Say hello to October’s Females and Finance feature: Angela Fitzgerald! Angela is Summit’s Financial Education Coordinator, so she may have a trick or two up her sleeve that we can all use. Find out how Angela got to where she is today and what resources she still uses to keep owning it!
- What does “owning it” mean to you?
“Owning it” means having complete control over my financial condition. Having this control requires that I am aware of every aspect of my financial situation (including income streams, debts, investments, savings, etc.) and feel empowered to bring about changes in these areas that benefit me and my family as desired.
- Tell us how you got to where you are today.
Wow, that’s a tough question – but I’ll try to keep it brief! I believe the switch flipped for me in the area of finances when I was in graduate school and in pursuit of homeownership. I was nearing the end of my lease, and apartment rental costs were similar if not more than some mortgages in the area that I was living in at the time – which made me think, Why not consider buying a home?
Up until that point I had not paid a lot of attention to my finances. I knew they existed, but I wasn’t focused on planning for the future as it relates to my money. But when the idea of home ownership popped into my head, I became hyperaware of my finances. I did some preliminary research on home prices that I felt comfortable with managing, and incorporated that estimated monthly mortgage into my budget as a renter – so that I could get into the habit of paying that amount. My logic was that if I could comfortably handle that payment as a renter, I could more easily transition to being an owner.
I then went through the preapproval process, connected with a realtor and also took advantage of first-time homebuyer resources in my city – while maintaining my practice homeowner budget. The process took a tad longer than I expected, but I ultimately reached my goal of homeownership at 26. That process was just the start of my financial story, and kicked off my journey as not only a homeowner but also a landlord and real estate investor.
My three-bedroom home afforded me the opportunity to rent my two extra rooms to other students and became an instant income stream. Fast forward eight years and it is still producing income for me, even though I’ve moved out of state. This series of events whet my appetite for wealth building strategies and fueled a passion for sharing what I’ve learned with others – which has gotten me to where I am today.
- What would you say are your most important lessons learned about finances?
Save, save – and save again! Life happens and sometimes in unexpected ways. Not being prepared or in a position to handle those situations can lead to stress and debt. I’m a strong advocate for having a minimum of $1,000 stashed away for a rainy day, and putting aside a minimum of 10 percent of every dollar received and directing it toward specific savings goals.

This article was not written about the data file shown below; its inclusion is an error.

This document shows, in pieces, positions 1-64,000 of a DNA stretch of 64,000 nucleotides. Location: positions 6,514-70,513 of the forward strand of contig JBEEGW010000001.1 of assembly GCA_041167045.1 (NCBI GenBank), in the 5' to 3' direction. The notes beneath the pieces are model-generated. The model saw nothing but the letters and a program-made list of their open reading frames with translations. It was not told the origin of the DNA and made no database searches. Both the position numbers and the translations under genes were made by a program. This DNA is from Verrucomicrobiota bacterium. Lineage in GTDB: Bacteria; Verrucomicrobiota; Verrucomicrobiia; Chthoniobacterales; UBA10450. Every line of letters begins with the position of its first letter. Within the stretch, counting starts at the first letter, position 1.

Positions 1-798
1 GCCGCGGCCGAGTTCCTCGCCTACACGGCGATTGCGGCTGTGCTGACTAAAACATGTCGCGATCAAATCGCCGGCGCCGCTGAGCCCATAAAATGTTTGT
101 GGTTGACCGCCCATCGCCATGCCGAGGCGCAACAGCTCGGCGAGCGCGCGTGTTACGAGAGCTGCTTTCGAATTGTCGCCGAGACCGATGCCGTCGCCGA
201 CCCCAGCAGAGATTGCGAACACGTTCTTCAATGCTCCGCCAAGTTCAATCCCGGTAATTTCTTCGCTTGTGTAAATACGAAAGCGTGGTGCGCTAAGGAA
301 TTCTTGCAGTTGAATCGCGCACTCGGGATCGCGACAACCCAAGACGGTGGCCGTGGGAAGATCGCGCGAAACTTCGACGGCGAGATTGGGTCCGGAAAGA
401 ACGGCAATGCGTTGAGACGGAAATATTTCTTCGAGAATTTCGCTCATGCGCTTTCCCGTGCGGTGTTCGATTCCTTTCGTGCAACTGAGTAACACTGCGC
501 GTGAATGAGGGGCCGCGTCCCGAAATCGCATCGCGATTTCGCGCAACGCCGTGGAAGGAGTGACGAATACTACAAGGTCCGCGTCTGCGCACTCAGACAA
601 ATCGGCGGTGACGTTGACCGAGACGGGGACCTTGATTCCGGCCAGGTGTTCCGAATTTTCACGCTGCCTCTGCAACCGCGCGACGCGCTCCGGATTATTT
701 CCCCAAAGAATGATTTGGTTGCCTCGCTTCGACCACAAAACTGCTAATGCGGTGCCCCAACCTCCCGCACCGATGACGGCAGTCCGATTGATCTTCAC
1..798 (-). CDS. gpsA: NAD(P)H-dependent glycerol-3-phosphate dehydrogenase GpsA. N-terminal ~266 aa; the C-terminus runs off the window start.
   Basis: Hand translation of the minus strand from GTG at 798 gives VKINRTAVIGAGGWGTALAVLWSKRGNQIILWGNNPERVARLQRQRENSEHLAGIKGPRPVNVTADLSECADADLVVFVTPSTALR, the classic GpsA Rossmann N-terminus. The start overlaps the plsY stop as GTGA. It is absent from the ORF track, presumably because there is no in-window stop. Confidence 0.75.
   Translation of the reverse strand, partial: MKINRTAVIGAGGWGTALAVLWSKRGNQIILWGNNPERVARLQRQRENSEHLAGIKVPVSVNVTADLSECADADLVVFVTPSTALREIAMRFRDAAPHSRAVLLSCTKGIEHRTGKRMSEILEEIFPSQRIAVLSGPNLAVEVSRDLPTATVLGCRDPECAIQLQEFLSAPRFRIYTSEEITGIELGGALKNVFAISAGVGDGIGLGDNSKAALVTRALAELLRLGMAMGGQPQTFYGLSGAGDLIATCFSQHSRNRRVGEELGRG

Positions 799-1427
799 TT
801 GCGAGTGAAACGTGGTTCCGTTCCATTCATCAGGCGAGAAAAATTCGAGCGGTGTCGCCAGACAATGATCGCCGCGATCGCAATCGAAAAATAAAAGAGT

If saving is a challenge, evaluate your financial situation. Are there expenses that you can reduce, freeing up your finances and allowing you to more easily save? Or are there opportunities for you to create additional income streams that you can divert toward your saving goals? Taking an honest look at your finances can help you to identify the best approach for you.
Read the fine print and budget for anticipated expenses. There are often hidden costs that we assume without fully understanding or even realizing. For example, some car insurance providers charge a fee for paying your car insurance premium in monthly installments. That fee is removed when you pay that premium in one lump sum. So, you end up paying more for the same amount of coverage on your vehicle by choosing to pay your premium in installments, rather than in full. Now, some people choose to pay monthly because they don’t have the full amount on hand. But if you know when your insurance will be due, you can budget for that amount in advance, allowing for you to save and be prepared when the bill arrives, avoiding unnecessary fees.
Also, don’t underestimate yourself. You are more powerful and can do more than you realize. Do your research. Have the conversation. Create the budget. Plan for your future and watch things change for you financially.
- What’s your current favorite financial education resource?
My current faves are YNAB, Rock Star Finance and the Finance Bar. YNAB (www.youneedabudget.com) is the budgeting app I use daily to manage my and my family’s finances. It allows me to track my spending and saving, and project for the future. I also enjoy reading the articles posted on Rock Star Finance (www.rockstarfinance.com), which is a collection of personal finance articles gathered from across the web. Lastly, I’m a big fan of the Finance Bar (www.thefinancebar.com). I love their content and their creative mode of delivering financial education – through a tricked-out school bus!